A Moving Tribute

Director Asa Mader On the Art of Film Choreography

American-born filmmaker and artist Asa Mader studied cinema and new technologies at Brown and NYU. Since then he has honed his art in Paris, shooting both narrative and documentary films that have shown at both Cannes and the Venice Film Festival (featuring the likes of French actress and model Lou Doillon), as well as music videos for bands such as Coldplay. Here Mader casts his mind back to the cinematic scenes that have influenced his own thoughts on movement, and inspired the evolution of his new film short Time Doesn’t Stand Still, made in collaboration with choreographer Benjamin Millepied—an exclusive excerpt of which you can see here.

Pickpocket (Robert Bresson, 1959)

There’s a scene in a train station that’s about five minutes long, without a single word of dialogue—it's pure choreography as [the characters] steal wallets and purses. Bresson has a very specific, spare cinematic language.

A Man Escaped (Robert Bresson, 1956)

Paul Schrader was probably most singly influenced by this film when writing Taxi Driver—in particular, the scenes where De Niro meticulously assembles the guns. Cinema is the art of telling story through image and sound. For Bresson, dialogue was a last resort. I like that school of thinking. 

The Passion of Joan of Arc (Carl T. Dreyer, 1928)

Probably one of the most modern films of all time, the movie was actually lost—the negative burned and destroyed—and it was over 50 years later that an original copy was found in the closet of an insane asylum. For me, nearly everything we consider modern in the language of cinema today was defined in this film all the way back in 1928.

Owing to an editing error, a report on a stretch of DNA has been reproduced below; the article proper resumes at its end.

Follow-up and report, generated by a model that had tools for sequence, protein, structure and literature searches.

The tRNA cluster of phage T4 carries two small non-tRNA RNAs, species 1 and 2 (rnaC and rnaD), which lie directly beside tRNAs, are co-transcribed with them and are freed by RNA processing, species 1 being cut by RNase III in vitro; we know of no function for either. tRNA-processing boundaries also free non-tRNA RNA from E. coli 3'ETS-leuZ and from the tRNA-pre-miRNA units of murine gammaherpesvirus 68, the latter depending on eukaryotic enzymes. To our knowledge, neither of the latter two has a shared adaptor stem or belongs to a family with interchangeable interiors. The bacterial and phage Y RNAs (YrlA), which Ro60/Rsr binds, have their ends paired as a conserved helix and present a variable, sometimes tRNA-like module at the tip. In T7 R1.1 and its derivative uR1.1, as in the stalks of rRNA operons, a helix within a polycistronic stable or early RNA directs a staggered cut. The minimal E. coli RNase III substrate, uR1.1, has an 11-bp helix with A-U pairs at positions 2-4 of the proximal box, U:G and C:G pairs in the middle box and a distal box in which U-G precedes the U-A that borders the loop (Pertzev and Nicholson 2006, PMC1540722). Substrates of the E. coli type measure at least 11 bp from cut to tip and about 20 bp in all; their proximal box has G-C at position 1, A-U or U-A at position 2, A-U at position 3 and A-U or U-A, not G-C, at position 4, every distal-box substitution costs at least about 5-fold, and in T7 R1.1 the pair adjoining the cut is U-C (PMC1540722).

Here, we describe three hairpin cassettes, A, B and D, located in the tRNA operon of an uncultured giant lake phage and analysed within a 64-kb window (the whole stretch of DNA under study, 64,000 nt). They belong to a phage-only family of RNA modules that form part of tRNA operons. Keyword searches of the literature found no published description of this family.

In the Mood for Love (Wong Kar-Wai, 2000)

What I love in this film is that it's a love story, yet I believe there’s only two moments where the characters actually touch. They touch hands once in a taxi and once in an alleyway—sheer physical restraint, both on screen and off. The characters are like two magnets; walking by one another, barely brushing up against one another—the whole film being like a dance, really. 

Raging Bull (Martin Scorsese, 1980)

Beyond being a sheer masterpiece, Scorsese’s viewpoint on jealously is fantastic—and perhaps the best treatment ever of a man's obsession for a woman. The choice of black and white in the 80s was a very specific aesthetic choice, which went against every studio desire. It’s a boxing film, yet everything about it is graceful––incredibly, incredibly graceful. 



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